Reinforcing the importance of encryption as the best hope for pushing back against the surveillance hawks and their war on privacy, SpiderOak released a statement in the wake of the CIA leaks that said:
The latest leak of the Vault 7 files includes many exploits, but unlike previous leaks, initial analysis seems to indicate that they are entirely for attacks against endpoints.
This transition from network level to endpoint-focused attack is an interesting trend that points to an interesting hypothesis: Encryption is working.
Encryption — and particularly end-to-end encryption — fundamentally changes the cost of attacks. No longer can an adversary simply sniff network traffic, either locally or globally. To eavesdrop on communications they must take the more expensive and risky approach of compromising endpoints.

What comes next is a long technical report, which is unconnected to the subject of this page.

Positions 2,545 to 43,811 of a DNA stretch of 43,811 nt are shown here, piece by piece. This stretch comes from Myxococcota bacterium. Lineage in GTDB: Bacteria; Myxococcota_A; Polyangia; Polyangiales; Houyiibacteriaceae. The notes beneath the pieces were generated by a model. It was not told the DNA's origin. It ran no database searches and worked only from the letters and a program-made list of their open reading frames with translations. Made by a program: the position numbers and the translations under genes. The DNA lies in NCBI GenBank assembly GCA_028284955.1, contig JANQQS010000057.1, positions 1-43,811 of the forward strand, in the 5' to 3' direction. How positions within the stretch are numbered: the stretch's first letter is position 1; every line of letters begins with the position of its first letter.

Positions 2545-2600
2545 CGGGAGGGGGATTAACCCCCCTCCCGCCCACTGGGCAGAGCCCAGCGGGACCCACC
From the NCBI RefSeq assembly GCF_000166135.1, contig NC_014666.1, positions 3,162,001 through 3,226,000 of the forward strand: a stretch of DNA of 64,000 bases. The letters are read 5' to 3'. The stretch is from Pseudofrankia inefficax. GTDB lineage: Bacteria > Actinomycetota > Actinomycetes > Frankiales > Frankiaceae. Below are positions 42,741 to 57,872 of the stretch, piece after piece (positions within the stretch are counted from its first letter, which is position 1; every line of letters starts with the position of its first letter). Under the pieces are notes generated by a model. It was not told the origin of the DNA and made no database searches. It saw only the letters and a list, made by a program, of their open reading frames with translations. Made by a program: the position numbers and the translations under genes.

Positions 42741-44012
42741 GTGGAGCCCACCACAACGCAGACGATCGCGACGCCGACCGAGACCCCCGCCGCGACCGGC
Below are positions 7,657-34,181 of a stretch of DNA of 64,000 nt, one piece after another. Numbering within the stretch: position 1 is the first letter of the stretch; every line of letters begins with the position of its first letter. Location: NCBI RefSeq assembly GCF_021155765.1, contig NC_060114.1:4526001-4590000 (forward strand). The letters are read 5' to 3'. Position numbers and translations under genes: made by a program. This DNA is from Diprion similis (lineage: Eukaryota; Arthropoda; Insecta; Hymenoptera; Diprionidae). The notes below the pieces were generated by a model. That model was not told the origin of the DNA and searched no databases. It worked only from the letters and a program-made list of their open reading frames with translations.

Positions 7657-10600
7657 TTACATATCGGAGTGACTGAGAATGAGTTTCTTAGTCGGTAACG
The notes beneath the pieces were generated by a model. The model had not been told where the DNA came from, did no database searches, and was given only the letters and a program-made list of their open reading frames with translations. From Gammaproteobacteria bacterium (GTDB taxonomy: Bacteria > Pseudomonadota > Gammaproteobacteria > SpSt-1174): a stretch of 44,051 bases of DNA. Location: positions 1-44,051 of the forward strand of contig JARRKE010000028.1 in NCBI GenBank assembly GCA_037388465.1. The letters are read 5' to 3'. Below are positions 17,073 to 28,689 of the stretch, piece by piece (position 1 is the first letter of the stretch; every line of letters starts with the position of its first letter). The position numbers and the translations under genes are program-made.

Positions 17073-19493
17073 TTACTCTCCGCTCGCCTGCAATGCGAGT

SpiderOak has a vested interest in stopping the surveillance hawks. The company is behind SpiderOak One, an open-source, end-to-end encrypted, zero-knowledge alternative to DropBox. Considering that DropBox has Condoleezza Rice (who as secretary of state defended President Bush’s NSA mass-surveillance programs) on its board of directors, SpiderOak One is a clear choice for those who value privacy. The company also offers Encryptr, a free password vault for helping users keep up with all the long, strong, random passwords they need to protect their privacy.
And, as even the New York Times reported recently: